“The tactic was tasteless and racist, plain and simple,” says Kendyl Crawford, the Sierra Club of Richmond’s conservation program coordinator. “It’s exploiting the ignorance many communities have about climate change.”
Rev. Wilson likens that gospel concert to the Biblical story of Judas accepting 30 pieces of silver to betray Jesus. Like many African Americans in Virginia, he initially didn’t connect environmental policy with what he calls the “institutional racism” — think racial profiling, lack of economic opportunity, etc. — that can plague black communities nationwide. Now he considers “the sea level rising or the air quality in the cities” another existential threat.
So in response to the Koch Brothers’ attempt to sway their flocks, Wilson and others affiliated with black churches in Virginia have channeled their outrage into a new calling: climate advocacy. For Wilson, environmentalism has become a biblical mission.
As a keen amateur historian, I feel strongly that if one is interested in a topic, one should seek out the primary documents as frequently as possible. Sure, you might also need expert opinion to help decipher and interpret what you read, but a key part of understanding a subject is familiarity with as much source material as you can find.
Of Ghosts and Grit
This seems an obvious point, but I’m constantly surprised at how infrequently people take that extra step. For instance, if you were a Christian, why wouldn’t you spend part of every weekend reading the words of Christ for yourself, instead of listening to a preacher tell you an interpretation. You might discover that Christ isn’t too enthusiastic about people who accumulate wealth, or that he was pretty adamant that helping poor and sick people was key. Fake Christians like Paul Ryan, Jeff Sessions, Rick Perry profess their religion in the public square, but yet seem to do the opposite of the teachings of their primary source material.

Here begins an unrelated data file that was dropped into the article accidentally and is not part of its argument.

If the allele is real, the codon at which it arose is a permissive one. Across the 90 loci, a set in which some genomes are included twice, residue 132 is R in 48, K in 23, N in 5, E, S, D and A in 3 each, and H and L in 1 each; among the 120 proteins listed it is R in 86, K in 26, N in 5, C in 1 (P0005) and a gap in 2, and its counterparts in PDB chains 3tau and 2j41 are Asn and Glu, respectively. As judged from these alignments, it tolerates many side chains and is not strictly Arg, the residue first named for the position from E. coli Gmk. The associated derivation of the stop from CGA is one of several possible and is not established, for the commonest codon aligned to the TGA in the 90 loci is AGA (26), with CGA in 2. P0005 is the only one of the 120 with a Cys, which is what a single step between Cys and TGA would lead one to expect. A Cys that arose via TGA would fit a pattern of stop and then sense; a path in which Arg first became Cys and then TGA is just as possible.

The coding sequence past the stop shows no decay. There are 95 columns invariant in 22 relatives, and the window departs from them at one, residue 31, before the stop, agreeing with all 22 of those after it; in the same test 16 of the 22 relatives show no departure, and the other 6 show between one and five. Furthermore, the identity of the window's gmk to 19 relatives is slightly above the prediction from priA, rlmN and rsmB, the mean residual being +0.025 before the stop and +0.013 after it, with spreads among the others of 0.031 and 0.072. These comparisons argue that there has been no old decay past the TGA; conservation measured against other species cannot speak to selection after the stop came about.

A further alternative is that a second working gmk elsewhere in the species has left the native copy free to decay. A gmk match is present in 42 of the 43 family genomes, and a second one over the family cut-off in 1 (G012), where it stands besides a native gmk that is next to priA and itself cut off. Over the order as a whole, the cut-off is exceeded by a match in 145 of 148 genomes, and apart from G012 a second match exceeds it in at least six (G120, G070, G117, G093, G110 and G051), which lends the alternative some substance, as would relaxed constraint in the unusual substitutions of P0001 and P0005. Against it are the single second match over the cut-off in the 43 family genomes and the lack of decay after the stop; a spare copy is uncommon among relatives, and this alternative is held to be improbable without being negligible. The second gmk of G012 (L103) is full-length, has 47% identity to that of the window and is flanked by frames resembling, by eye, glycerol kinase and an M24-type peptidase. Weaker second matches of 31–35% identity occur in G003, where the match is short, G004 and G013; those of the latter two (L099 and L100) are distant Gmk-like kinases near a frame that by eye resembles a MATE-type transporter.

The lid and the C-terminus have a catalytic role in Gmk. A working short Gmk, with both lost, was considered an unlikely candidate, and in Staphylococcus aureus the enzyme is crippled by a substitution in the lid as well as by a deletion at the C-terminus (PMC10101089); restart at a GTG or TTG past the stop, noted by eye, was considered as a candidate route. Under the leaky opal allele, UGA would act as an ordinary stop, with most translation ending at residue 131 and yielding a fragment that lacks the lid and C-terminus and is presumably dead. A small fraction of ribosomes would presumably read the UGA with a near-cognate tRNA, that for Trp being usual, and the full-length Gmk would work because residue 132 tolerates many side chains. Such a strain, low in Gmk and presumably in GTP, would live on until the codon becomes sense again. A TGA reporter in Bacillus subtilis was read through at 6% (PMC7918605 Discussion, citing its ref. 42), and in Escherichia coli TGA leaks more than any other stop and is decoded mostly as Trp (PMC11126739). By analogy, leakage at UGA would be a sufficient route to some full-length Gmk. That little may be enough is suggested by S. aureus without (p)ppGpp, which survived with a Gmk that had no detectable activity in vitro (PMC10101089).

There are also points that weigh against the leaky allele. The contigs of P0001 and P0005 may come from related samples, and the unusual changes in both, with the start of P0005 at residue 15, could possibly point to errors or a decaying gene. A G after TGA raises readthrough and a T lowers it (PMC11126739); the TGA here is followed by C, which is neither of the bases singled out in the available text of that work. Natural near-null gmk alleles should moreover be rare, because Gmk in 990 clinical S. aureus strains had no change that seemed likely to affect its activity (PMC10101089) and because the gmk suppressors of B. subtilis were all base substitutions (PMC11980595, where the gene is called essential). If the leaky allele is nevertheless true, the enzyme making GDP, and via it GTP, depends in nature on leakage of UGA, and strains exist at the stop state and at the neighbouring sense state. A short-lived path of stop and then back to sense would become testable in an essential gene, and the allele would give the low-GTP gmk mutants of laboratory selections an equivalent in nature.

Anyway, I’m not religious, but I do follow American politics rather closely. And since this blog is nothing but a catalog of my fickle obsessions, I want to have spot where I can refer to a few primary documents of the Trump (mis)administration.
No Puppet! No Puppet!
Such as the infamous Steele Dossier:
A dossier making explosive — but unverified — allegations that the Russian government has been “cultivating, supporting and assisting” President-elect Donald Trump for years and gained compromising information about him has been circulating among elected officials, intelligence agents, and journalists for weeks.
The dossier, which is a collection of memos written over a period of months, includes specific, unverified, and potentially unverifiable allegations of contact between Trump aides and Russian operatives, and graphic claims of sexual acts documented by the Russians. BuzzFeed News reporters in the US and Europe have been investigating various alleged facts in the dossier but have not verified or falsified them. CNN reported Tuesday that a two-page synopsis of the report was given to President Obama and Trump.